Samuel Richardson

Aaron Hill to Alexander Pope, 21 February 1739; Works of Pope, ed. Elwin and Courthope (1871-1889) 10:77.

I did not recollect, until you told it me, that the Gazetteers were printed by Mr. R[ichardson]; I am acquainted with none of their authors; not so much as with any one of their names; and, as to Mr. R[icharson] himself, (among whose virtues I place it, that he knows and considers you rightly,) there should be nothing imputed to the printer, which is imposed for, not by him, on his papers, but was never impressed on his mind. I am very much mistaken in his character, or he is a plain-hearted, sensible, and good-natured honest man. I believe, when there is any thing put into his presses, with a view to such infamous slander as that which you so justly despise, he himself is the only man wounded; for I think there is an openness in his spirit, that would even repel the profits of his business, when they were to be the consequence of making war upon excellence.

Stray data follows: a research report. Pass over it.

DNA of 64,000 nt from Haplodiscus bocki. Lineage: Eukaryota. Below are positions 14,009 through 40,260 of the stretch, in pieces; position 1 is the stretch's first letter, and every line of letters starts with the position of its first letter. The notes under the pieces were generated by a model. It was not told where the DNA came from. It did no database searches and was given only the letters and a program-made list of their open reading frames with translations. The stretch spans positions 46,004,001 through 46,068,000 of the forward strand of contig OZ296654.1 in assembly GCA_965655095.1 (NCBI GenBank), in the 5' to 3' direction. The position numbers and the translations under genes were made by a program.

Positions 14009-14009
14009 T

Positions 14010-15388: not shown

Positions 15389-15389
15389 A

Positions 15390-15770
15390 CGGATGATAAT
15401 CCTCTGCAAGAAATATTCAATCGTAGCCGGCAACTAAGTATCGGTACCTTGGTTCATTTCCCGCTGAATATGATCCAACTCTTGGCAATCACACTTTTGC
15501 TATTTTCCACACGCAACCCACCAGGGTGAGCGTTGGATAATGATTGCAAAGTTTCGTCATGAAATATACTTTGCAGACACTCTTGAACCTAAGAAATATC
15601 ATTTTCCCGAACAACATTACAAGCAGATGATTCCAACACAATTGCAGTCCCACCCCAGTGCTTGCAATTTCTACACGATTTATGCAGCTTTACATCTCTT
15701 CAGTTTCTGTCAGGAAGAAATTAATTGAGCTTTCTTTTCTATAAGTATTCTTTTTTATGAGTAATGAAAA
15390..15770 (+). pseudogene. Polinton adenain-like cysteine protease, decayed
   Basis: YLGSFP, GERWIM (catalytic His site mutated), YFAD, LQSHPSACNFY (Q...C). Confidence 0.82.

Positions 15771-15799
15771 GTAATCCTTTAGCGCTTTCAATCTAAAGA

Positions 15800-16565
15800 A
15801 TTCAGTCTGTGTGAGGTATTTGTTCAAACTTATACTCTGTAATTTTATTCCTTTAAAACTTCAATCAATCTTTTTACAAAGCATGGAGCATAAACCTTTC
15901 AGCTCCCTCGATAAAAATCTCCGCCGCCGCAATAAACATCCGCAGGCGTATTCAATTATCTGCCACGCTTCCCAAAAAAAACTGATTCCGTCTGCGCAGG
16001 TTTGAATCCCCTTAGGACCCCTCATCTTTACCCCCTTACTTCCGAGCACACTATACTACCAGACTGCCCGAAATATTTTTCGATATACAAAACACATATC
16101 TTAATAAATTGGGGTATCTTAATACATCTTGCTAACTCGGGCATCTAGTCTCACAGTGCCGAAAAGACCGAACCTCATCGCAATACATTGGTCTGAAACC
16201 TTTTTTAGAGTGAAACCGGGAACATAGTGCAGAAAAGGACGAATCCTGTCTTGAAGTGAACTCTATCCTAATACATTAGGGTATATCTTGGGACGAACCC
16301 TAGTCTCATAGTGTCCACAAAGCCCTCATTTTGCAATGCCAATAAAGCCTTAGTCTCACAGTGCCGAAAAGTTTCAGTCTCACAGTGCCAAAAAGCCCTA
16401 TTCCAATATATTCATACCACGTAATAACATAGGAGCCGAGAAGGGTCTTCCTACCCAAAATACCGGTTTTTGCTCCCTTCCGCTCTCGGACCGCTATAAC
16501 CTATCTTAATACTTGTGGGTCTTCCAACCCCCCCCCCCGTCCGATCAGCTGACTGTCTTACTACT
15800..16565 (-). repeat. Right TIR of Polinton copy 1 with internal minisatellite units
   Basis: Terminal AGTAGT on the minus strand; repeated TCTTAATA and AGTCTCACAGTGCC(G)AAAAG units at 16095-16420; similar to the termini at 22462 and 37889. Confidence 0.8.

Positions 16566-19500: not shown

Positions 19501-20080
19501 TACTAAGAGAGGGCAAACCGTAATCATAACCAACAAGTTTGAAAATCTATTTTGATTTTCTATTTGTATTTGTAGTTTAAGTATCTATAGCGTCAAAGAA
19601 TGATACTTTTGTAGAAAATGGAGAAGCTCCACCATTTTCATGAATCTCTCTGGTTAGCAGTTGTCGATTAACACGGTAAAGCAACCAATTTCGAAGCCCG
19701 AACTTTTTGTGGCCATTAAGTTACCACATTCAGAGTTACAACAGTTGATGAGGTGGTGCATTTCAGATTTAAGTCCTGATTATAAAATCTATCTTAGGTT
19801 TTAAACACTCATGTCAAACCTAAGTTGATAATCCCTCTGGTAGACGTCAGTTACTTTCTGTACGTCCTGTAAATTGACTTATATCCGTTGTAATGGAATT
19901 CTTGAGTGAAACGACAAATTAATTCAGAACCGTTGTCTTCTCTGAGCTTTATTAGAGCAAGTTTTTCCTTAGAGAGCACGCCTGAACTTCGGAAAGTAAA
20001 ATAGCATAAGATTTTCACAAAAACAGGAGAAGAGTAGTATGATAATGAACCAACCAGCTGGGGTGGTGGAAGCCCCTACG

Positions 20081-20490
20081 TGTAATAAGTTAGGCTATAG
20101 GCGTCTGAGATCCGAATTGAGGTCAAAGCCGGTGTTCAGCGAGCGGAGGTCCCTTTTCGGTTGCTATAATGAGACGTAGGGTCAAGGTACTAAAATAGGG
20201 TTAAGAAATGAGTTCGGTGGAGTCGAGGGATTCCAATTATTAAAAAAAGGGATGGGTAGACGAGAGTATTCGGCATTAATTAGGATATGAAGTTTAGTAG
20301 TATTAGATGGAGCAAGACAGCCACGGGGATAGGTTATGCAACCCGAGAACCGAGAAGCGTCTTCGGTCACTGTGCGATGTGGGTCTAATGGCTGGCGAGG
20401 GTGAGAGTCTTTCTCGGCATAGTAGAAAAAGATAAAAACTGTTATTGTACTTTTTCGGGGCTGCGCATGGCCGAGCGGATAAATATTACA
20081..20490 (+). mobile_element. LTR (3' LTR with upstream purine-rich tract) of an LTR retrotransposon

In the mean time, give me leave to be glad you are slandered a little. Crimes deserve to be heartily pardoned, when they are the cause of producing great virtues; and, I am sure, one such generous example of charity, as that which you show in your letter, will, by the contagious effect of its beauty, carry influence enough to deface all the triumphs of a thousand heavy patterns of malice.